Tuesday, September 22, 2009

PokerStars WCOOP Concludes -- It’s a Skill Game, Jo

PokerStars' World Championship of Online PokerPoker players -- particularly those with a special desire or need to defend their game against accusations of it being mostly “gambling” or some other non-edifying, less-than-moral pursuit -- like to point out how the better players tend to succeed more often than not. Such evidence helps support the argument that the game does, in fact, require skill, despite the very real truth that chance does often govern how a particular hand or sesssion or tourney might go.

Last night I was up late again -- ’til about 3 a.m. my time -- helping cover the end of the PokerStars’ World Championship of Online Poker Main Event (a $5,000 + $200 buy-in no-limit hold’em event). Change100 and I handled the live blog, and as the night wore on we were marveling at the fact that Daniel “djk123” Kelly was building a huge chip lead once again. Kelly had already cashed 10 times in this year’s WCOOP series, and won two previous WCOOP bracelets, including one just the night before in the $10,000 + $300 High Rollers H.O.R.S.E. event.

Kelly was in the top ten when Day 2 of the WCOOP Main Event started yesterday (with 178 players still alive from the 2,144 who entered). With about 50 players left, Kelly charged into the chip lead and had a huge advantage for much of the endgame before finally falling in third place.

We were also noticing and reporting on several other recognizable names among those still around for the conclusion of this one. J.C. “area23JC” Tran -- who won the WCOOP Main Event in 2006 -- made a deep run and finished not far outside the top 100. Scott “dorinvandy” Dorin, who won a High Rollers event during the 2008 WCOOP, ended up finishing 61st. Layne “reloadthis” Flack was around at the end, too, getting eliminated in 55th.

A lot of the online names were familiar, too, having turned up time and again deep in these WCOOP events we’ve been covering, or having become recognizable after taking down big Sunday tourneys. There were a few who made it deep who hadn’t been “outed” officially, and so while we knew they were name pros we weren’t identifying them in the blog.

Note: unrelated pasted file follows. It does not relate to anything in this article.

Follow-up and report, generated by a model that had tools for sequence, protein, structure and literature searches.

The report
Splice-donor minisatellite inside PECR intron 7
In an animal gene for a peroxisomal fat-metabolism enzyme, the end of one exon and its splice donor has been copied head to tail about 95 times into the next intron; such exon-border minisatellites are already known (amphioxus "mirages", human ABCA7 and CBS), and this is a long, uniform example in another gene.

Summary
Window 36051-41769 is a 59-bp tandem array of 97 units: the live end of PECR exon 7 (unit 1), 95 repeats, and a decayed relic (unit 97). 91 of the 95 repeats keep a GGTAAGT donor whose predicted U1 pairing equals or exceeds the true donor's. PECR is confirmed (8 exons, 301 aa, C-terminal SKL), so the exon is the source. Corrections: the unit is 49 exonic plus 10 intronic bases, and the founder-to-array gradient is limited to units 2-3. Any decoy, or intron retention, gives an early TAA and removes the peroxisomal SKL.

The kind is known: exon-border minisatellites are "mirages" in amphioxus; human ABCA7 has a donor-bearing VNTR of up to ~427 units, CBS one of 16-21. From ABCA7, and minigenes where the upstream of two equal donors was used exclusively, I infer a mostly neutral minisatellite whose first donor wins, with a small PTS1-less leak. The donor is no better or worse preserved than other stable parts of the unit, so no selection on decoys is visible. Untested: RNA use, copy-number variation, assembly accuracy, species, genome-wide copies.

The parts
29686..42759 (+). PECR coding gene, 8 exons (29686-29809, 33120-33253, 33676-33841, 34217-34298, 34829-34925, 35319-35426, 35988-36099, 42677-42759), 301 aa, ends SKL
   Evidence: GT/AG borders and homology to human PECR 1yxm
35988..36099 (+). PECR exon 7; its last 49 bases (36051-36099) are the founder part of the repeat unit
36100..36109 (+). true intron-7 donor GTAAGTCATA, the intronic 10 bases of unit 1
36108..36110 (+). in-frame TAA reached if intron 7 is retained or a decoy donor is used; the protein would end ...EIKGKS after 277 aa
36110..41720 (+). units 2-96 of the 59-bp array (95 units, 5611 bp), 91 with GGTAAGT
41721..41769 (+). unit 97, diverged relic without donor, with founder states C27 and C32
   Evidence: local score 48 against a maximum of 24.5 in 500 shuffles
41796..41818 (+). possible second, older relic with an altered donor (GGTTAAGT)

Yevgeniy TimoshenkoA couple who were eventually identified included Isaac “philivey2694” Haxton, who finished 31st, and Yevgeniy “Jovial Gent” Timoshenko, who ended up winning the sucker. Change100 and I covered Haxton back in the summer when he finished second to Vitaly Lunkin at that $40,000 WSOP event (Event No. 2). And, of course, we remember Timoshenko for winning that WPT World Championship event at the Bellagio this past April.

I had been up all night the previous evening writing up the report on Bertrand “ElkY” Grospellier’s victory in WCOOP Event No. 43 -- his second WCOOP bracelet of the series. So I was going on 40-plus hours without sleep when, noticing the preponderance of players who’d enjoyed repeat successes going deep in last night’s Main Event, when I confidently delivered the following thesis to Change100 in chat: “this must be a skill game.” “haha” she replied at my less-than-startling conclusion.

’Cos it’s obvious, ain’t it? We poker players love to quote Mike McDermott’s sort-of-hyperbolic-but-still-meaningful questioning of his girl, Jo, in Rounders when he asks “Why does this still seem like gambling to you? I mean, why do you think the same five guys make it to the final table of the World Series of Poker every single year? What, are they the luckiest guys in Las Vegas?”

Mike concludes “it’s a skill game, Jo.” Indeed, this year’s WCOOP provided still more evidence to support that ideer, I think.

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Anonymous Anonymous said...

its a skill game but if u watched the final table of elkys wcoop win he was far behind in many hands and miracuosly hit every card he needed at exactly the right times. that isnt skill it is luck and maybe being a team poker star member

10/31/2009 10:45 PM  

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